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Why I Am Voting NO on State Question 788 – ‘Medical’ Marijuana

In just two weeks, Oklahoma voters will go to the polls for the primary elections and, in a rare instance, a State Question. This will be the first time since 2005 that a date other than a general election has been set for an initiative. State Question 788, if passed, would legalize marijuana in Oklahoma for medical purposes.

The ballot title is as follows:

This measure amends the Oklahoma State Statutes. A yes vote legalizes the licensed use, sale, and growth of marijuana in Oklahoma for medicinal purposes. A license is required for use and possession of marijuana for medicinal purposes and must be approved by an Oklahoma Board Certified Physician.

The State Department of Health will issue medical marijuana licenses if the application is eighteen years of older an Oklahoma resident. A special exception will be granted to an applicant under the age of eighteen, however these applications must be signed by two physicians and a parent or legal guardian.

The Department will also issue seller, grower, packaging, transportation, research and caregiver licenses. Individual and retail businesses must meet minimal requirements to be licensed to sell marijuana to licensees.

The punishment for unlicensed possession of permitted amounts of marijuana for individuals who can state a medical condition is a fine not exceeding four hundred dollars. Fees and zoning restrictions are established. A seven percent state tax is imposed on medical marijuana sales.

Shall the proposal be approved?

For the proposal – YES
Against the proposal – NO

A “YES” vote is a vote in favor of this measure. A “NO” vote is a vote against this measure.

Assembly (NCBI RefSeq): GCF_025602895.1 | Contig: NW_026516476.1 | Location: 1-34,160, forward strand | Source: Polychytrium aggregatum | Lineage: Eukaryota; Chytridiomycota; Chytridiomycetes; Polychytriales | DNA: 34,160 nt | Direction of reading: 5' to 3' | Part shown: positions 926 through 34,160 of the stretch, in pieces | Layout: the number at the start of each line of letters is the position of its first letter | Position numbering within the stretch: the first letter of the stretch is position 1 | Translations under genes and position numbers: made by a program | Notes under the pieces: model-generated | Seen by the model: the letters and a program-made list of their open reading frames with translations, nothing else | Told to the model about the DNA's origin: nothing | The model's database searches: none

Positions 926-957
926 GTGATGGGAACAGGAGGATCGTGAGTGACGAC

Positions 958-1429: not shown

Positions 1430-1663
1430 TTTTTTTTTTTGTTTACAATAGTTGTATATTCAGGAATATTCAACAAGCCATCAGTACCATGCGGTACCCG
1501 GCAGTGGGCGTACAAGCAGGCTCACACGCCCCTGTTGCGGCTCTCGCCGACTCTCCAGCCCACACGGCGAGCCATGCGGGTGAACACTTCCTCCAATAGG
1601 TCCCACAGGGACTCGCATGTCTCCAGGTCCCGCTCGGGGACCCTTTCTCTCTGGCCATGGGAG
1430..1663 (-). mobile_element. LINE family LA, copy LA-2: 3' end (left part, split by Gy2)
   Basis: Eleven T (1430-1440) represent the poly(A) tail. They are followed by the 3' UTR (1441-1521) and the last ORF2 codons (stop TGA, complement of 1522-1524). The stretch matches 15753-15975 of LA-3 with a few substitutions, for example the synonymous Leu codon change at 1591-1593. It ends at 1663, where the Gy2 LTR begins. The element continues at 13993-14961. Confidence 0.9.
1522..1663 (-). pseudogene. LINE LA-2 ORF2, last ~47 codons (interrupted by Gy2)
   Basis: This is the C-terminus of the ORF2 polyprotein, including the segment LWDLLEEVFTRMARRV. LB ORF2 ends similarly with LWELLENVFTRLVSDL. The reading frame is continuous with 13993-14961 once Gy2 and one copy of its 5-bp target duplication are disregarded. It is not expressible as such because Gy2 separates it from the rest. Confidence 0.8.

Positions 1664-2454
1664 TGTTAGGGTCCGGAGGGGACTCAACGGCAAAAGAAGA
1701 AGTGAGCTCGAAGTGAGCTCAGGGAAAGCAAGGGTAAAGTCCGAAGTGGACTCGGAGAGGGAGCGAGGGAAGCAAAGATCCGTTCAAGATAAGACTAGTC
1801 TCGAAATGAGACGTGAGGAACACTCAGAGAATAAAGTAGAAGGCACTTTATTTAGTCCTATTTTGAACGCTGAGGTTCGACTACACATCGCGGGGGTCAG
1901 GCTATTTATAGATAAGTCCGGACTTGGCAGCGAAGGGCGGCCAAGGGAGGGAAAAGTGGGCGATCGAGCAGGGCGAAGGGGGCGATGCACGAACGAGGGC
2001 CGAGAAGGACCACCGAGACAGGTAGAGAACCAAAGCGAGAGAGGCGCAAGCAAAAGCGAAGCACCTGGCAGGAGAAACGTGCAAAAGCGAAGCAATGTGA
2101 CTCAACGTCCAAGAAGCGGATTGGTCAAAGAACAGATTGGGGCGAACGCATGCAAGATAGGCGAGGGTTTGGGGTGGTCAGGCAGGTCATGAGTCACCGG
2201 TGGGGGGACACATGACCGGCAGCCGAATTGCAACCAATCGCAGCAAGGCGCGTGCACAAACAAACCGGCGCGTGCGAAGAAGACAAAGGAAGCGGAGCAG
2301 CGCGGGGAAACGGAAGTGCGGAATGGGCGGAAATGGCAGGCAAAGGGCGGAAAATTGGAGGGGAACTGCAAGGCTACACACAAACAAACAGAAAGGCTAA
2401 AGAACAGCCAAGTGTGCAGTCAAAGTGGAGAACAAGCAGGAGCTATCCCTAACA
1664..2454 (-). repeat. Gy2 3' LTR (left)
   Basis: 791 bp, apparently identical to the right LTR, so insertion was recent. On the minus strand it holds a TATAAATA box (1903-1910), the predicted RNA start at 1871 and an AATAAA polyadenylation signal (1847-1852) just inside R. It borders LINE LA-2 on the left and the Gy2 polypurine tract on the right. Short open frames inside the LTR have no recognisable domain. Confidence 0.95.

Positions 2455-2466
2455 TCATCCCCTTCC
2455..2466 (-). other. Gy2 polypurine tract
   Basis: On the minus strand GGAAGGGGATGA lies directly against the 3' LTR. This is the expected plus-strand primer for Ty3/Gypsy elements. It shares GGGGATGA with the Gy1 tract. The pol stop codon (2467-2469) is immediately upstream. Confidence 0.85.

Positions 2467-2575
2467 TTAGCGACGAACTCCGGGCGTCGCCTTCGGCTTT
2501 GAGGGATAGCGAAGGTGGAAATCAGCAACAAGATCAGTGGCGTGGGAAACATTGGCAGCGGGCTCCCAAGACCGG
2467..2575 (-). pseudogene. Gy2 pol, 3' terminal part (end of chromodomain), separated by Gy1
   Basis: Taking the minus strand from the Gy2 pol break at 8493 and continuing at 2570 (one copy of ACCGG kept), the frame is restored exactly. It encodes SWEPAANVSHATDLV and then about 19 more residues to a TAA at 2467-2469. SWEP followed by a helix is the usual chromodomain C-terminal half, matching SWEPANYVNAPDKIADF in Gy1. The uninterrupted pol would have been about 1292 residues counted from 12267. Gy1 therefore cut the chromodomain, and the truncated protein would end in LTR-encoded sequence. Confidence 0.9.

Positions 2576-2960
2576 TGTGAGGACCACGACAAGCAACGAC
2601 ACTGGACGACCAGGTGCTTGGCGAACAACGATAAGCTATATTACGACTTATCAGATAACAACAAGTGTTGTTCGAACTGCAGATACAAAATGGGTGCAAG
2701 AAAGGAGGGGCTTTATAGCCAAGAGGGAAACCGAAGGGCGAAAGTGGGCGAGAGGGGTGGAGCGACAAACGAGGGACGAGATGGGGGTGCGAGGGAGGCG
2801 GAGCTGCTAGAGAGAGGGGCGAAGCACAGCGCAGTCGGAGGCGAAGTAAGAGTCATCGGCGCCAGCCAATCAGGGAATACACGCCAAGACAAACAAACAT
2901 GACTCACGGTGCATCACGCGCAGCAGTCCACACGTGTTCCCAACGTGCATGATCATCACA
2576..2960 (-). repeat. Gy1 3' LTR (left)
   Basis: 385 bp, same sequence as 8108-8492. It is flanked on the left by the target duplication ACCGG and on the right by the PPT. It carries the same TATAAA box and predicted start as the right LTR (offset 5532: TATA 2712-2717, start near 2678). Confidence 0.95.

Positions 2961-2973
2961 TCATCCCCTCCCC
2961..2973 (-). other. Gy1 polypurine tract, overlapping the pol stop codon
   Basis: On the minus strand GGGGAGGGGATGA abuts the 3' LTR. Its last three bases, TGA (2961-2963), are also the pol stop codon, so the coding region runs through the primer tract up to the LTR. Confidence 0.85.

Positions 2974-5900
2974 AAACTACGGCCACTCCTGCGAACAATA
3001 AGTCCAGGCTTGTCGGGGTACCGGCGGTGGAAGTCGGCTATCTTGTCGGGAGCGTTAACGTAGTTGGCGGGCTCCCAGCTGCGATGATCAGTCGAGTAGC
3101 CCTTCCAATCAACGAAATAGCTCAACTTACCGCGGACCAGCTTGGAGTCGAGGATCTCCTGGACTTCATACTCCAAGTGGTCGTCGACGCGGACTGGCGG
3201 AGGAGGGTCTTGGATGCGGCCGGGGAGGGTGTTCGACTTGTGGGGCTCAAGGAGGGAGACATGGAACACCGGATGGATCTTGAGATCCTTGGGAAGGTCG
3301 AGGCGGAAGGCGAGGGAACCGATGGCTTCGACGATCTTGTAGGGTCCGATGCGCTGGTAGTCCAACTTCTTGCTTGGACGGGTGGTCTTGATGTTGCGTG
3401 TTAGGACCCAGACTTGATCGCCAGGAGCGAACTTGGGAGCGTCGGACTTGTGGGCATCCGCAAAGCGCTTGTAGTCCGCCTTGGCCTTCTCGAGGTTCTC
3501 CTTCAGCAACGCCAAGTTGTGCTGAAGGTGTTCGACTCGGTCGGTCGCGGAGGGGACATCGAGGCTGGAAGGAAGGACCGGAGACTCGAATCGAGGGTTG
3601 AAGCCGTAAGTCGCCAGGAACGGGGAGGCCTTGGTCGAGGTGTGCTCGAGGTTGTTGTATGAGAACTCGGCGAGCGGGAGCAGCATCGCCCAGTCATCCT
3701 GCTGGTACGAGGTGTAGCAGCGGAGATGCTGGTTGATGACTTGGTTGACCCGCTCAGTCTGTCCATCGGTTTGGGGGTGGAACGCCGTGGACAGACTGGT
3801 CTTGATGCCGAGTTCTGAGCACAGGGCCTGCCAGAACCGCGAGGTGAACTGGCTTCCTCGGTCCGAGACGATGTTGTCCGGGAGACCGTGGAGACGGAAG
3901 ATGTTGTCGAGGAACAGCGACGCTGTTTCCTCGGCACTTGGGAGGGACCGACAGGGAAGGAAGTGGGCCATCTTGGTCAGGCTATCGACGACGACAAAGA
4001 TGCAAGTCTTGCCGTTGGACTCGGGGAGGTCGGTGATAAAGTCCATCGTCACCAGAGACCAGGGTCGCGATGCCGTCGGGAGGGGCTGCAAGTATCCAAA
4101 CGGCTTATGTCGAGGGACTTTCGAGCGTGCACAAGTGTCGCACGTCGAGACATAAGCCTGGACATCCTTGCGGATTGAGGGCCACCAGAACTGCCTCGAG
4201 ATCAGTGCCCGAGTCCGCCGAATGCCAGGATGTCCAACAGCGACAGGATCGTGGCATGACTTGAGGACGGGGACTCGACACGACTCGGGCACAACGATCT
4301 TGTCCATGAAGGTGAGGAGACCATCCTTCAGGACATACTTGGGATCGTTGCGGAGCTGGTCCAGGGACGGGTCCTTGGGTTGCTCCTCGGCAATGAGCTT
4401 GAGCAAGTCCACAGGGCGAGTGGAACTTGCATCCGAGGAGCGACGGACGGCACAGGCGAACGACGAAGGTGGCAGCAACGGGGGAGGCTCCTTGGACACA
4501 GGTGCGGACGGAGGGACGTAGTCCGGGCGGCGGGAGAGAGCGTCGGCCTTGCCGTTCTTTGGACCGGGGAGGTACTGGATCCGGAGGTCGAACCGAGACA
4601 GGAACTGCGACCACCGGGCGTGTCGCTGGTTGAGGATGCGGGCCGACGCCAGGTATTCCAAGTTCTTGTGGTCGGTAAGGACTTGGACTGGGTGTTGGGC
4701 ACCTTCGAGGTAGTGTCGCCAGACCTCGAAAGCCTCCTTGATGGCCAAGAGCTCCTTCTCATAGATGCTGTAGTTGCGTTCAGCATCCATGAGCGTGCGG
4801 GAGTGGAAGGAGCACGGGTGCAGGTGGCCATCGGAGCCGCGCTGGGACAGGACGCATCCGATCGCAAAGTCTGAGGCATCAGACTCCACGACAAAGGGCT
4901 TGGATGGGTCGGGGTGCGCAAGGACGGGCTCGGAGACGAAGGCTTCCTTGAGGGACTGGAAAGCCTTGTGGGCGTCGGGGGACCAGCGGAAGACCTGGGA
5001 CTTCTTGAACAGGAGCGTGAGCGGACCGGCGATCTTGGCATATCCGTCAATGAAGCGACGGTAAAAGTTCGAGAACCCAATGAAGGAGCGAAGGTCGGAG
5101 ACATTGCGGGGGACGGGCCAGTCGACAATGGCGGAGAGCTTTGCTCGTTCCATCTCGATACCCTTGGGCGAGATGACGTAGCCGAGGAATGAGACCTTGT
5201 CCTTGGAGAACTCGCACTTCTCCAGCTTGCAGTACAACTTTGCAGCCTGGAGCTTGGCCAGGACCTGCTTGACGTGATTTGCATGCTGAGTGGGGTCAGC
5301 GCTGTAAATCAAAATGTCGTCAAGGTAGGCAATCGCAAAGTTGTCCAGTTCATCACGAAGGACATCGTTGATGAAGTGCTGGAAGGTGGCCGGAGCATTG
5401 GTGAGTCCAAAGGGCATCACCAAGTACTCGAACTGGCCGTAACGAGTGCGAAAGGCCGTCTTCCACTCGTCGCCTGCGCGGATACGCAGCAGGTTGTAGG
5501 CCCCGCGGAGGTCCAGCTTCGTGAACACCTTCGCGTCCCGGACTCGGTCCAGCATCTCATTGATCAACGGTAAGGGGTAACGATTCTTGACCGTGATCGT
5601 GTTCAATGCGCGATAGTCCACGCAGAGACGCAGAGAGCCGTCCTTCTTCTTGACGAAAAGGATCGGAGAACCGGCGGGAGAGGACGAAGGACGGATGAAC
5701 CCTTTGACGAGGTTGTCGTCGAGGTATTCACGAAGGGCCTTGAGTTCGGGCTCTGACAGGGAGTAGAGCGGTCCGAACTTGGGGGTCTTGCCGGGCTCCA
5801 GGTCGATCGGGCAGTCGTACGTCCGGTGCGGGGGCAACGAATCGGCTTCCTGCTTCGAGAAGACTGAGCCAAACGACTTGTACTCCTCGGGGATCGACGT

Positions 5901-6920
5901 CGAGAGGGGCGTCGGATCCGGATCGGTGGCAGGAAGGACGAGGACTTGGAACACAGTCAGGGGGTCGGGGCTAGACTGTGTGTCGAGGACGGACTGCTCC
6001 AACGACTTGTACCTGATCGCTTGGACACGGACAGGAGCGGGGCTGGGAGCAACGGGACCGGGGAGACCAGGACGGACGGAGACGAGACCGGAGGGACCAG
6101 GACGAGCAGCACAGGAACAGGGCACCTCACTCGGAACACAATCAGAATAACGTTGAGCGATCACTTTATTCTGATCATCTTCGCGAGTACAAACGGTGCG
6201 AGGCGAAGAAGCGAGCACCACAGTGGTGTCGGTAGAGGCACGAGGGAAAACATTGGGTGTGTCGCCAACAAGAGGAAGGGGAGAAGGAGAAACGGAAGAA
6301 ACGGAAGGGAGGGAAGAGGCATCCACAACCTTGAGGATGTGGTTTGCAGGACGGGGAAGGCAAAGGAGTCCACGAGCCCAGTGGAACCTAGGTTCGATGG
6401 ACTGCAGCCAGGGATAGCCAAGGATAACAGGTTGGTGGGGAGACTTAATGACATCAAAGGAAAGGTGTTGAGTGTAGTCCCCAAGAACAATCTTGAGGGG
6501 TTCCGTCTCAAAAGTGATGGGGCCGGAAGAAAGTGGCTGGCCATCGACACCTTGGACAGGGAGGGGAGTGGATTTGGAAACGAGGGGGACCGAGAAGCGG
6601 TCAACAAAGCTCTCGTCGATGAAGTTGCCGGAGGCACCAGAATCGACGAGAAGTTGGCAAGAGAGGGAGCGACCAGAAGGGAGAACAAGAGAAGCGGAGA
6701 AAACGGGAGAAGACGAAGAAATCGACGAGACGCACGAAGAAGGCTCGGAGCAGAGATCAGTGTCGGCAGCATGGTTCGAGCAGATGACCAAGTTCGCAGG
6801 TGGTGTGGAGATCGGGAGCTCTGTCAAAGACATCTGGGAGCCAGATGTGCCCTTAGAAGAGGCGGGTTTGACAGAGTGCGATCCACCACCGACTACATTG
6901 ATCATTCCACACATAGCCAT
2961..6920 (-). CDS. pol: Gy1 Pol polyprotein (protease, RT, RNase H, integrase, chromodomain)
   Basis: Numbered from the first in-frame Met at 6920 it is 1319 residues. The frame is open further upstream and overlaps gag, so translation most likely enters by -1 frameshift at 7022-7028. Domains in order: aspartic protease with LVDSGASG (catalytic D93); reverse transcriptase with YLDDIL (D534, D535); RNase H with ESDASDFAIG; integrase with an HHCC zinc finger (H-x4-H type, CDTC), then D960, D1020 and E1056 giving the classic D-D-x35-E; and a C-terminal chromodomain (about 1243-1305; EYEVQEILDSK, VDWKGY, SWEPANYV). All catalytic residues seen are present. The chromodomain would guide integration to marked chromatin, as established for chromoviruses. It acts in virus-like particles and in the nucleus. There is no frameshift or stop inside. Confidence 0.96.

The entire text of the proposed measure can be found here. It outlines the requirements and restrictions for possessing marijuana, growing it, processing it and transporting it.

I’m sure the part that will get the most people to vote Yes is the section on possession.

A person in possession of a state issued medical marijuana license shall be able to:

1. Consume marijuana legally;
2. Legally possess up to three (3) ounces of marijuana on their person;
3. Legally possess six (6) mature marijuana plants;
4. Legally possess six (6) seedling plants;
5. Legally possess one (1) ounce of concentrated marijuana;
6. Legally possess seventy-two (72) ounces of edible marijuana; and
7. Legally possess up to eight (8) ounces of marijuana in their residence.

Things to note are that people who want to legally possess marijuana will first have to obtain the signature of an Oklahoma Board-certified physician. Basically, if you can convince any quack doctor to sign the marijuana application for whatever reason, you’ll be a legal, dope-smoking pothead.

The most telling sentence is this one: “There are no qualifying conditions.”

I think it’s important to note just how much marijuana is being talked about here. For those, like me, who are unfamiliar with marijuana amounts, here is some interesting info. – “A typical marijuana joint weighs a gram, so three ounces per person is about 85 joints,” OBN Director John Scully said. ” In their house, they’ll be able to possess eight ounces that’s about 226 joints. Six mature marijuana plants produce about a pound of marijuana, so the grand total is estimated at over 3,000 joints.”

That is a lot of marijuana. And the proposed law specifically states that counties and cities will be allowed to enact guidelines allowing possession of even more than the state allows.

I’ve read all the arguments for why medical marijuana should be legalized and none of it is convincing. Even calling it ‘medical marijuana’ is misleading, since there are no qualifying conditions, no required doctor’s prescription and no required follow-up by a physician. Basically, you can get a two-year medical marijuana license for a hangnail.